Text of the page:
London universities attack ‘levelling down’ plans

The universities regulator, the Office for Students, is planning to remove a portion of the state teaching grant that was previously channelled towards institutions in London to reflect the higher costs of delivering education there. But universities in the capital say this could create more inequalities than it addresses, given the scale of deprivation in the city, writes Rachel Hall for The Guardian.

“The secretary of state for education has decided that in support of the national ‘levelling up’ agenda, and despite the exceptionally high costs of operating in London, the capital’s great universities are to be levelled down,” said Professor Paul Curran, the president of City, University of London.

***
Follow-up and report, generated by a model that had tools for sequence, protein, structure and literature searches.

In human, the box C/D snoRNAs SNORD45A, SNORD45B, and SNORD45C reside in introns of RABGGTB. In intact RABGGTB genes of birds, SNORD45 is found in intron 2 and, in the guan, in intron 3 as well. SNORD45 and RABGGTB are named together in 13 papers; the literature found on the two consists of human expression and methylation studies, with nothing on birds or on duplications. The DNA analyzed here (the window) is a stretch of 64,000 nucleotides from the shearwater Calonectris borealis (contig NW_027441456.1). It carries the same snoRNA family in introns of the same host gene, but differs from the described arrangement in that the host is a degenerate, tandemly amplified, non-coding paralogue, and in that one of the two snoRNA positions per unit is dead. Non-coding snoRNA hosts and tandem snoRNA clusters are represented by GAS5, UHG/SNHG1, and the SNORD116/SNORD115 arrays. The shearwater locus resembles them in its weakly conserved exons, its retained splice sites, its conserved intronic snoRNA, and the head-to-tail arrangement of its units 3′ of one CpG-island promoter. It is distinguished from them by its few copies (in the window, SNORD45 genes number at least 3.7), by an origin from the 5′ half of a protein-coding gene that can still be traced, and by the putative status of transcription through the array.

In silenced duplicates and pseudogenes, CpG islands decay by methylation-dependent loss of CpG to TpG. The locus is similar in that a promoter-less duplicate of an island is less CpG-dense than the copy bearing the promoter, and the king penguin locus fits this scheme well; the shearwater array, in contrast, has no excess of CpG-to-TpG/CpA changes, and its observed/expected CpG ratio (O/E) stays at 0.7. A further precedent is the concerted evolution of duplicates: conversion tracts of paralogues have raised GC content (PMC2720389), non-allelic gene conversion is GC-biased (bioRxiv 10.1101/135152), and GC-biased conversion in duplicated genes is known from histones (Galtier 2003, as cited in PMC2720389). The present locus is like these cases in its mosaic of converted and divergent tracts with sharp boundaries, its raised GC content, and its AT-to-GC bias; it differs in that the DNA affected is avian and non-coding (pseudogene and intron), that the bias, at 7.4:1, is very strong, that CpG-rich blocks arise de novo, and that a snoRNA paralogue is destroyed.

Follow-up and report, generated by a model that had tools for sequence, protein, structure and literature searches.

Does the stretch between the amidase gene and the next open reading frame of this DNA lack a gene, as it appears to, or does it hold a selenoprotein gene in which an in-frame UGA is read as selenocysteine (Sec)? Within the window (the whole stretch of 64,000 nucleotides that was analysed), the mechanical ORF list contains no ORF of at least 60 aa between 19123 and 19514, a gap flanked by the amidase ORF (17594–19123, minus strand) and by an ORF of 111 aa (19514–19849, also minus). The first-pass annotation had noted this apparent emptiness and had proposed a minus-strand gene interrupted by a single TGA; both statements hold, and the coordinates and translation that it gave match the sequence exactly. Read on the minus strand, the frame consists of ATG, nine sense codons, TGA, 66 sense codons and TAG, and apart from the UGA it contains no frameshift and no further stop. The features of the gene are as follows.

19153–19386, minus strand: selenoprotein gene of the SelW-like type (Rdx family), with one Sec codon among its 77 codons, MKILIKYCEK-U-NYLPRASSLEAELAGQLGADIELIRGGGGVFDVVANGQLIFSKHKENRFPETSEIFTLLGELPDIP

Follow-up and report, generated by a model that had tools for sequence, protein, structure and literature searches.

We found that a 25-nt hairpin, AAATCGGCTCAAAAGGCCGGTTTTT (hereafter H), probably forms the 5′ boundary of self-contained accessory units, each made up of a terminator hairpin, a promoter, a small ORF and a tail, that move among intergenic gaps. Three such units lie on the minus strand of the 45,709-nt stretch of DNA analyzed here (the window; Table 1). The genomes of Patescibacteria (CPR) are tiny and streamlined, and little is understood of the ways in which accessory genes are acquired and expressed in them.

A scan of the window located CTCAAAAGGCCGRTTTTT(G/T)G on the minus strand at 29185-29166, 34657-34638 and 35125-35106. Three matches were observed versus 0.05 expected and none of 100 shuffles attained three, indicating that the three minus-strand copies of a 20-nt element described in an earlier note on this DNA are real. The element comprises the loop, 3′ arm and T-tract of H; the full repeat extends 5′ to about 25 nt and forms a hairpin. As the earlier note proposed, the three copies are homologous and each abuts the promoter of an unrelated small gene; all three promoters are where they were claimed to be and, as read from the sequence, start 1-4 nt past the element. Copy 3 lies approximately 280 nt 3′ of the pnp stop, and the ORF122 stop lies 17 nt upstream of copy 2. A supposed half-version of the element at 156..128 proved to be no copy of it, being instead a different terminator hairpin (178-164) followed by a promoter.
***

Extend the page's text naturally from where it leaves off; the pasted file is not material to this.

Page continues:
A report by London Higher, which represents 40 universities and colleges in the capital, says the institutions that will be worst affected by the £64 million (US$88 million) loss in funding are seven already in deficit that would be unable to plug the shortfall by recruiting more international students. These universities typically recruit more disadvantaged students and focus on educating key workers, including on important specialist health courses that in some cases are already run at a loss and may no longer be viable.
Full report on The Guardian site